Parker: I think he makes points of “privacy” on the Internet not actually being private, and that the Internet technology is easier for kids to turn to than adult interaction. But mostly, I love what he is trying to say about the need for high school to be a place for not just kids to be open and honest, but for adults too. I think Sam’s character, Solomon, sums it up nicely, “We’re showing people that, ready or not, we’re going to discuss things that are affecting us in real terms, adult terms, and we won’t apologize if it makes you uncomfortable.” We as adults need to help create an environment in schools where kids can talk about issues actually affecting them and have it discussed in a way that doesn’t sugar coat it or avoid it as a “taboo topic”, so that they can make informed decisions and be prepared for life’s speed bumps.
Sam: Plenty. The play is basically a dissection of three real life modern high schoolers. How they view sex. What adulthood means to them. What they find acceptable and taboo. How they relate to each other and the world. I mean, really there’s, like, a lot of stuff going on in this play.
Can you sense when the audience is uncomfortable with the subject of teen sexuality? What has been the audience reaction, and what has surprised about the reaction?
Florrie: Well, to be honest, during the show I’m not really focused on their reaction. However, I’d say the audience is definitely on board with us.
Parker: I think the audience might feel confused and uncomfortable to start, because of the way the first scene is presented, but I think that Stephen Karam does this intentionally so that through all of the humor later on there is an underlying uneasiness. This way the humor is not just about a few laughs here and there, it really gives the audience a way to relax and be more open to the topics he wants discussed and debated.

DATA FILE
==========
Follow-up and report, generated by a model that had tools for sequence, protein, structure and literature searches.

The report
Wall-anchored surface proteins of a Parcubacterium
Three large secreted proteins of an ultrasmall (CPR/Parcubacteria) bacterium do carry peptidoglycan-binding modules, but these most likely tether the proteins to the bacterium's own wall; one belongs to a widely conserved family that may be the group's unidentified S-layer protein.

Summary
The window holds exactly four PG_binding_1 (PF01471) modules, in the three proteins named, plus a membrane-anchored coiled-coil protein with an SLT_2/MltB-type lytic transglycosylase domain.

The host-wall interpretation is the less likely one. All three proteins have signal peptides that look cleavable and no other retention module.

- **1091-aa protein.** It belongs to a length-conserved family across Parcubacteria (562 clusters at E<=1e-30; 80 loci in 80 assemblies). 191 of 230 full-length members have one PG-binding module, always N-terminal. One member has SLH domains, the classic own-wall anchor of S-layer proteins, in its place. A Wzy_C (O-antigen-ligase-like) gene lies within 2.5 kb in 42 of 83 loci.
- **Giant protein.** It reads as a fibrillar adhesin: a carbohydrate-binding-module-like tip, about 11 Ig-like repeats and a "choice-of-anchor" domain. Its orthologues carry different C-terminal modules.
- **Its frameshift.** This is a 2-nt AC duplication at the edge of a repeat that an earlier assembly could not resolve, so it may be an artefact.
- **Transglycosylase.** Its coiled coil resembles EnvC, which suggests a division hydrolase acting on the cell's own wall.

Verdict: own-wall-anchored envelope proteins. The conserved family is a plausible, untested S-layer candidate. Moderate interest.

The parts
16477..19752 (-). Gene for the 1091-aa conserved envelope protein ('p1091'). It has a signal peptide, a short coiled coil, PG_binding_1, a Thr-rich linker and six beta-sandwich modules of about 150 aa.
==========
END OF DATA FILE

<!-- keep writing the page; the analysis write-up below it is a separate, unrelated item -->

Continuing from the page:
At first the biggest surprise for me regarding the audience response was how ageless the humor is. And now that we’ve been doing the show for audiences of all ages I just appreciate how clever Karam is, because there is humor for everyone, across the board…well I mean, I wouldn’t bring the little ones, but you get what I’m saying.
Sam: Eh, sometimes kind of. The audiences have been great really though. Open-minded. They’re there to see a piece of modern theatre. I mean I honestly don’t think there’s anything that would scandalize most people out there who actually enjoy going to see plays. But then, of course, I’m not a parent.
You all are accomplished musical theatre performers, and I hope all your fans will turn out to see you. How hard is it to play actors who can’t – really – sing or dance, but have to do both and doing pretty awkwardly.
Florrie: Well as far as Diwata is concerned- She has definitely studied belting styles of Broadway greats, but she doesn’t really know what she’s doing-She’s often in discovery mode, trying new things vocally- trying to riff, but taking it a tad too far. It’s extremely fun to not be wary of sounding weird – Diwata’s not afraid of trying anything. Fear is simply not an option. In the dance department, she doesn’t believe that she IS a bad dancer. I’d say she’s just over-zealous. She’d tell you about her 10 years of jazz-slash-modern dance… She’s quite the theatre nerd, so she’s well versed in different dance stylings and musical theatre clichés. She performs with an honest passion and adds her own free-flow moves as she feels them. She just goes there. I just have to dive into her weirdness. It’s quite freeing to play her.
Parker: What’s great about the music and dance aspects of the play are that we just have to do them. They are so absurd and presented in such a wonderfully awkward way that if we just do them the awkwardness and “poor quality” reads.
Sam: Just do the opposite of what the reflexes say to do!
Is this your first time doing a straight play?
Florrie: This is my first time doing a straight play, professionally. I did a few in high school, a favorite was Dottie/Mrs.Clackett in Noises Off.